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Stereograph cards collection

Identifier: P057

Scope and Contents

This collection includes stereograph cards from C. L. Jenney and Company, Frank M. Lackey, and R. Gordon in Indianapolis, Indiana and Sterro-Photo Co. in Dolgeville, New York, ranging from circa 1861 to 1916 regarding an enacted scene of a Union soldier leaving and returning to his paramour during the U.S. Civil War; the Indiana centennial pageant in Riverside Park in Indianapolis in October, 1916; and the exterior and interior of Pierce-Vinton-Krull house in Indianapolis.


  • circa 1861-1916

Conditions Governing Access

This collection is open for research.

Conditions Governing Use

Legal title, copyright, and literary rights reside with Rare Books and Manuscripts, Indiana State Library, Indianapolis, IN. All requests to publish or quote from manuscripts must be submitted to Rare Books and Manuscripts.

Historical Note

"Stereographs consist of two nearly identical photographs or photomechanical prints, paired to produce the illusion of a single three-dimensional image, usually when viewed through a stereoscope. Typically, the images are on card mounts, but they may take the form of daguerreotypes, glass negatives, or other processes. Stereographs were first made in the 1850s and are still made today. They were most popular between 1870 and 1920.

In 1851 stereo daguerreotypes were exhibited for the first time to the general public at the London International Exhibition (Crystal Palace). Shortly thereafter, American photographers began making stereographs. One of the first American photographic firms to produce stereographs was the team of William and Frederick Langenheim. The Library owns a set of their early stereoviews of American cities on the East Coast.

By 1860 both amateur photographers and publishing firms were making stereographs. The major stereo publishers sold their views by mail order, door-to-door salesmen, and in stores. Stereographs were sold individually and in boxed sets.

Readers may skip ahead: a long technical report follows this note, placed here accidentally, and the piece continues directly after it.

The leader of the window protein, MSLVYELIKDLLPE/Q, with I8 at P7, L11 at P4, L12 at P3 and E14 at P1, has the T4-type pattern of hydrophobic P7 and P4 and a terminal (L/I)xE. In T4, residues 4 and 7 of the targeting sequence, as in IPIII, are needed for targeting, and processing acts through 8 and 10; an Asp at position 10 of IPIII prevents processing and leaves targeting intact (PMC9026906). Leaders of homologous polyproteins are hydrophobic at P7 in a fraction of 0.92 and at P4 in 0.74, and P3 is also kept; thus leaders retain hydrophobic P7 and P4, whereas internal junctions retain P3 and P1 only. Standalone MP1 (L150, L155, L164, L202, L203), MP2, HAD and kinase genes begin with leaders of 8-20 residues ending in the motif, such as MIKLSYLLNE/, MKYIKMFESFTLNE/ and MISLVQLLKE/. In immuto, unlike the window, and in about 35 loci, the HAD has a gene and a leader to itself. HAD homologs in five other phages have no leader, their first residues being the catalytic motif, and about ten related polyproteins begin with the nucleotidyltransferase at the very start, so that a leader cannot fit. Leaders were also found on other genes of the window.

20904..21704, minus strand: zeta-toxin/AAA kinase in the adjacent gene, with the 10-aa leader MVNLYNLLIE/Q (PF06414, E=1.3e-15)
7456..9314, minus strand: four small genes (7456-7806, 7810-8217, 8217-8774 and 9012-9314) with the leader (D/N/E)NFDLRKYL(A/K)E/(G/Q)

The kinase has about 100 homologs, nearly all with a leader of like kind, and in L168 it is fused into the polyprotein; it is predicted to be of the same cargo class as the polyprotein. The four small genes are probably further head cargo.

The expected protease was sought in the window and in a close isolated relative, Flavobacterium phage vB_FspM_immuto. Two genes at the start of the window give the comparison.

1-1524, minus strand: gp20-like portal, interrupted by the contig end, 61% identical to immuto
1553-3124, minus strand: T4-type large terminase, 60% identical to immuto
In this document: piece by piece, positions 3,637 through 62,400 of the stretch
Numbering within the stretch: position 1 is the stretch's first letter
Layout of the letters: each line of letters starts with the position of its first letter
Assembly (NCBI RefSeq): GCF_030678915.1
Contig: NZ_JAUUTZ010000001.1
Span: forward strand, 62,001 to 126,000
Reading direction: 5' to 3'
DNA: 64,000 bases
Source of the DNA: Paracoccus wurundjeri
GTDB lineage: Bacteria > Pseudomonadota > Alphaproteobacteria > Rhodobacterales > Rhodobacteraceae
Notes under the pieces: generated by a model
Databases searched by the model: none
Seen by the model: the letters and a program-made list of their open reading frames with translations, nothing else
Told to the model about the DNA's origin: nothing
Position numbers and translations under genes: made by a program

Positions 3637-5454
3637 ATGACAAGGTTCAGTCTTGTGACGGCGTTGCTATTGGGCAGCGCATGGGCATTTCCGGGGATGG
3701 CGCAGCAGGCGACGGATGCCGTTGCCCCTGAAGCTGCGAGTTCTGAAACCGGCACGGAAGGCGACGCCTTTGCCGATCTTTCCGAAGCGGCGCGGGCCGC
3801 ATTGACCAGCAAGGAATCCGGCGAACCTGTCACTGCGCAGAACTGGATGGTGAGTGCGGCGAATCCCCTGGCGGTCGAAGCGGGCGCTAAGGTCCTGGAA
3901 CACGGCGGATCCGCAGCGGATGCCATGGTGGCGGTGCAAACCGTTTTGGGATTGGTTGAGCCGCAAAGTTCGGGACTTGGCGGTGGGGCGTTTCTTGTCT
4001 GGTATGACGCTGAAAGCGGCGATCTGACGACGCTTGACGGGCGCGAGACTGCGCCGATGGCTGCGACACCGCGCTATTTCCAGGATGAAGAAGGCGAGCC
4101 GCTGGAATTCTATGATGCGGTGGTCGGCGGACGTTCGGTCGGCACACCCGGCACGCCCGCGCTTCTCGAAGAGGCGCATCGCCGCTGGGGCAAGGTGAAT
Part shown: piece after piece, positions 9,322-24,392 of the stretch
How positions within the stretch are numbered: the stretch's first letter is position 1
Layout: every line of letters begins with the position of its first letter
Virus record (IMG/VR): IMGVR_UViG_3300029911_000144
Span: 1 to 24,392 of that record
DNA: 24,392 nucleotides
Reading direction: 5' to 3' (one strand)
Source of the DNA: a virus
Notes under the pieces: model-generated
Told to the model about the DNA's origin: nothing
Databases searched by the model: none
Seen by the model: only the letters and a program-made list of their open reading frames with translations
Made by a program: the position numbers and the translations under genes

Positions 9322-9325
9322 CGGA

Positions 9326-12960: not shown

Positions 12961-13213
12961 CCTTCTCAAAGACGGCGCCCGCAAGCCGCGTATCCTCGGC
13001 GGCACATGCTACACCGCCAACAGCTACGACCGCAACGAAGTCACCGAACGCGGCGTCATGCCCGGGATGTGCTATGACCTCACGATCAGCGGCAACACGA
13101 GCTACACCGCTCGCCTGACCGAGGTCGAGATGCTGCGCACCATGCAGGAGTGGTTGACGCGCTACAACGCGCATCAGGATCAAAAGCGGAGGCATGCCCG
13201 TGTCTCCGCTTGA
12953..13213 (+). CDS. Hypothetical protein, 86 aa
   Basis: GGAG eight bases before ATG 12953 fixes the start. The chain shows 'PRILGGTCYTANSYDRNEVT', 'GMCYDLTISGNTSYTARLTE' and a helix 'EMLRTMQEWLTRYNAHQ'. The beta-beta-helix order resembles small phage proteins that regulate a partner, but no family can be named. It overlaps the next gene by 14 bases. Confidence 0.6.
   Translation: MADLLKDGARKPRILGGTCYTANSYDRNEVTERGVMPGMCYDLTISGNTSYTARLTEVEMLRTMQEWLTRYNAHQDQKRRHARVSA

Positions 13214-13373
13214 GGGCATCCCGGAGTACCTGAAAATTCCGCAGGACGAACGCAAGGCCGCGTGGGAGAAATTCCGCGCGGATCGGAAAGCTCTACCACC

Stereographs are usually mounted. They were typically published with caption information printed under the image or on the back of the mount. The mount also provided information about the publisher, photographer, and sometimes the series or a list of views available from the photographer or publisher.

Stereographs were collected by many middle-class families in the late 19th century. People acquired stereographs of tourist sites they had visited, as well as exotic locales that they would only experience through the wonder of the stereoscope. Viewing stereographs was a common activity, much like watching television or going to the movies today. Stereoviews were also used as an education tool in classrooms."

Source: Library of Congress. "Stereograph Cards." Accessed August 4, 2021.


0.3 Cubic Feet (1 manuscript box)

Language of Materials



This collection is arranged by subject.

Custodial History

This collection was received by Rare Books and Manuscripts as donations from Karl W. Fischer on May 20, 1933, the Krull family estate in 1966, and others.


No further additions are expected.

Processing Information

Collection processing completed 2021/08/04 by Brittany Kropf. EAD finding aid created 2021/08/04 by Brittany Kropf.
Stereograph cards collection
Description rules
Describing Archives: A Content Standard
Language of description
Script of description

Repository Details

Part of the Rare Books and Manuscripts Repository

140 North Senate Avenue
Indianapolis, Indiana 46204 U.S.A.